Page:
• Some dogs with an energetic personality may create stress to some members of the family.

Dogs with those type of behaviors are more often abused and it can wear different faces including:

  • Active, like Physical Attacks or punishment
  • Passive, like Neglect or indifference.
Examples of Abuse
  • Depriving a young dog of its mother through too early weaning
  • Keeping the dog most of the time isolated outside and away from his/her human family
  • Keeping him/her chained or in a kennel, cage or crate for long periods of time
  • Different forms of verbal or physical punishment, like yelling or hitting causing high or chronic levels of stress or pain.
  • Lack of proper care in feeding, grooming, and attending to health needs
  • Partial or complete social isolation

Something to take in consideration is the age of the dog when the abuse occurs.

Depending on how old the dog was at the time the trauma was caused it can affect him for the rest of his life, even if the dog is relocated to a new home.

But let’s be positive! As humans, traumatized dogs can improve with the right treatment, training, and support.

You can also read Dog behaviors of Traumatized Dogs

Dog Abused Tips
Safe and secure environment for a Previously Abused dog 
Suspecting your dog has a history of being before abused in the past,  keep in mind two things:
  • Changes will not happen overnight
  • Be aware that it will not be a complete turnaround in him/her trust level or behavior

It takes time to heal an abused dog and to make him/her feel less fearful.

Like humans, dogs that are emotionally hurt will take their time to develop trust again.

But with the right advice, knowledge, commitment, and hard work a pet that was abused in the past can be turned into a healthier, happier and the sweetest dog ever.

Recommended Product:
 
There is a spray 100% natural called “Socialization” for Dog Fear Aggression Relief. It is a Spray indicated as a Natural Pet Corrector for the developers (Pet Relief)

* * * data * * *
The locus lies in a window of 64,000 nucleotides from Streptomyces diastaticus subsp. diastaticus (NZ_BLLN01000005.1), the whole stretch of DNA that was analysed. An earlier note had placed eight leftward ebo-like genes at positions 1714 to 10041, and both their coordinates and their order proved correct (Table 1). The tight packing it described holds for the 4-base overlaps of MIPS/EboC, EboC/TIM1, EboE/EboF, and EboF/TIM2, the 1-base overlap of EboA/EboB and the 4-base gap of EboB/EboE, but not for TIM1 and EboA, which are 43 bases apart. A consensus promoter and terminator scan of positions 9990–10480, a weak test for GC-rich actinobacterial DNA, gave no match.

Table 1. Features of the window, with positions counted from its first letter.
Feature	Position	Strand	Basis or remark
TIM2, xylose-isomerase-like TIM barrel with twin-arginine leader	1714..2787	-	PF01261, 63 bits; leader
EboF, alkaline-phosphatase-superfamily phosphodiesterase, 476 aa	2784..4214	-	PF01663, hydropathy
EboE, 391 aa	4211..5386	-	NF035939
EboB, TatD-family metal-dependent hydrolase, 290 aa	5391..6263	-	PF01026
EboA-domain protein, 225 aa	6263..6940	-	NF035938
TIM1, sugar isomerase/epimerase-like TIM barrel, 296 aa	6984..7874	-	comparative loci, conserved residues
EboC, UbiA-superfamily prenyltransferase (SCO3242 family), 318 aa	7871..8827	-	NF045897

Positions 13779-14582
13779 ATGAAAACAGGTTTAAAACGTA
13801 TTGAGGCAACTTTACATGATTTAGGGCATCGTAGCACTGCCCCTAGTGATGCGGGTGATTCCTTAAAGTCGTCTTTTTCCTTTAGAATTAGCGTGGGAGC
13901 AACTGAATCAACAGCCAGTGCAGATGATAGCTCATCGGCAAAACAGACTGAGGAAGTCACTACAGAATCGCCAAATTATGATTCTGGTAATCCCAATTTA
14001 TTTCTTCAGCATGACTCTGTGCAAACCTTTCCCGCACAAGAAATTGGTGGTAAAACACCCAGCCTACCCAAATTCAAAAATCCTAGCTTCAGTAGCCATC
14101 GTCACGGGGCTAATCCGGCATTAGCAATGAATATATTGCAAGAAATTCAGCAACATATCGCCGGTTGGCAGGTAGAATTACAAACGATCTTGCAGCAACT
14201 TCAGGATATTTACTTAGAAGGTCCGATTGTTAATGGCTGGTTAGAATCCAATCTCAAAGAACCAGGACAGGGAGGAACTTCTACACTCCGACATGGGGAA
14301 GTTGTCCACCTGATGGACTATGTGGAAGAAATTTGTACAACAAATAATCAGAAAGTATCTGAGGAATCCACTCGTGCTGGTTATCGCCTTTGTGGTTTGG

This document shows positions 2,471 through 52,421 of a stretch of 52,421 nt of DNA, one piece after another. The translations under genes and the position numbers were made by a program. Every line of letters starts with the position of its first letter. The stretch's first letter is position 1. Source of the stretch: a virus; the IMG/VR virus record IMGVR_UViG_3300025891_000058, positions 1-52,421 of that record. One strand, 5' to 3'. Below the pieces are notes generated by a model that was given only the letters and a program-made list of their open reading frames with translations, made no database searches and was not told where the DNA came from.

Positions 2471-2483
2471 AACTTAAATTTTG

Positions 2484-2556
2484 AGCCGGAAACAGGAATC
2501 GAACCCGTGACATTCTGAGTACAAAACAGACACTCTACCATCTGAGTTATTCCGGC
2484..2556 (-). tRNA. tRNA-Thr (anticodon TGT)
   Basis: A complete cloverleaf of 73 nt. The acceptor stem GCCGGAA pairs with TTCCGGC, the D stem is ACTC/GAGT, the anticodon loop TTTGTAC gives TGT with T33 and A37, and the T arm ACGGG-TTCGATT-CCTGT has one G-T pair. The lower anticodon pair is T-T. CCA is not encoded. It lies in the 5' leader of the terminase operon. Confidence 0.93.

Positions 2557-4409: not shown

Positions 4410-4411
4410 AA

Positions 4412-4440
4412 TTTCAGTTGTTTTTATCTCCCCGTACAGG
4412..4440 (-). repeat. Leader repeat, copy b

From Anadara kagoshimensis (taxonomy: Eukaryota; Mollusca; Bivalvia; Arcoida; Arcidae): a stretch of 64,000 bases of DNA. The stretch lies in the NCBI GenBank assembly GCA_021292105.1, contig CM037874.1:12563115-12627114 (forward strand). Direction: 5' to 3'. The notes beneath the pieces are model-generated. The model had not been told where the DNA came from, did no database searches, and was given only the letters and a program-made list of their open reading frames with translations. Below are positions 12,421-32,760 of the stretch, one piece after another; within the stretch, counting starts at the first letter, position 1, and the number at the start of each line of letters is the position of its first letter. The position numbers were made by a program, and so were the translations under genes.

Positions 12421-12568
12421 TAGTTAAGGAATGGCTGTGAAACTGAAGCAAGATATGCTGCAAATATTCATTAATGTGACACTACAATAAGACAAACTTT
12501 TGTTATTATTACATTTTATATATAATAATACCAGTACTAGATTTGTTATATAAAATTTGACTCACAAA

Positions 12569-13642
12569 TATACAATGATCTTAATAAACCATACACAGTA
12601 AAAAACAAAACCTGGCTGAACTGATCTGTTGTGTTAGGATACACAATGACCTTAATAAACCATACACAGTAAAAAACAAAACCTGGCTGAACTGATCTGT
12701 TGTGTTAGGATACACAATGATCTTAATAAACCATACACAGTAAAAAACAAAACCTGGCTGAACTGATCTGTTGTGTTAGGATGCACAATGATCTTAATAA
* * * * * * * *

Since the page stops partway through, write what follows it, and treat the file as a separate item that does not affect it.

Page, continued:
You can find it on Amazon with this link. 

Aid Formula for Dog Anxiety

General Guidelines for Creating a Safe Environment for abused dogs
  • Make the dog feel loved and needed
  • Communicate all commands in a clear way so your dog can understand you.
  • Do not force anything under any circumstances
  • Allow the dog to adapt to the new family and life at his/her own pace.
  • Provide a safe place where he/she can be alone such as a crate or kennel.
  • Get a dog bed where your dog can feel comfortable with their own private place to rest.
  • Create opportunities for the dog to be successful and build confidence.
  • Provide stress-free routines for feeding, walking and play time.

(Read the post Dog Beds 101: Everything you need to know)

There is an excellent book for behavior training recommended for abused dogs:

 Practical Techniques for Fear, Frustration, and Aggression in Dogs wrote by Grisha Stewart

Transforming an abused dog is a challenge, but it is not impossible:
They were exposed to negative experiences, and it will take time and patience to overcome.
 

But it’s essential to feel hopeful! Because progress in your dog’s life is possible and there’s nothing more gratifying.

 

References:

Grisha Stewart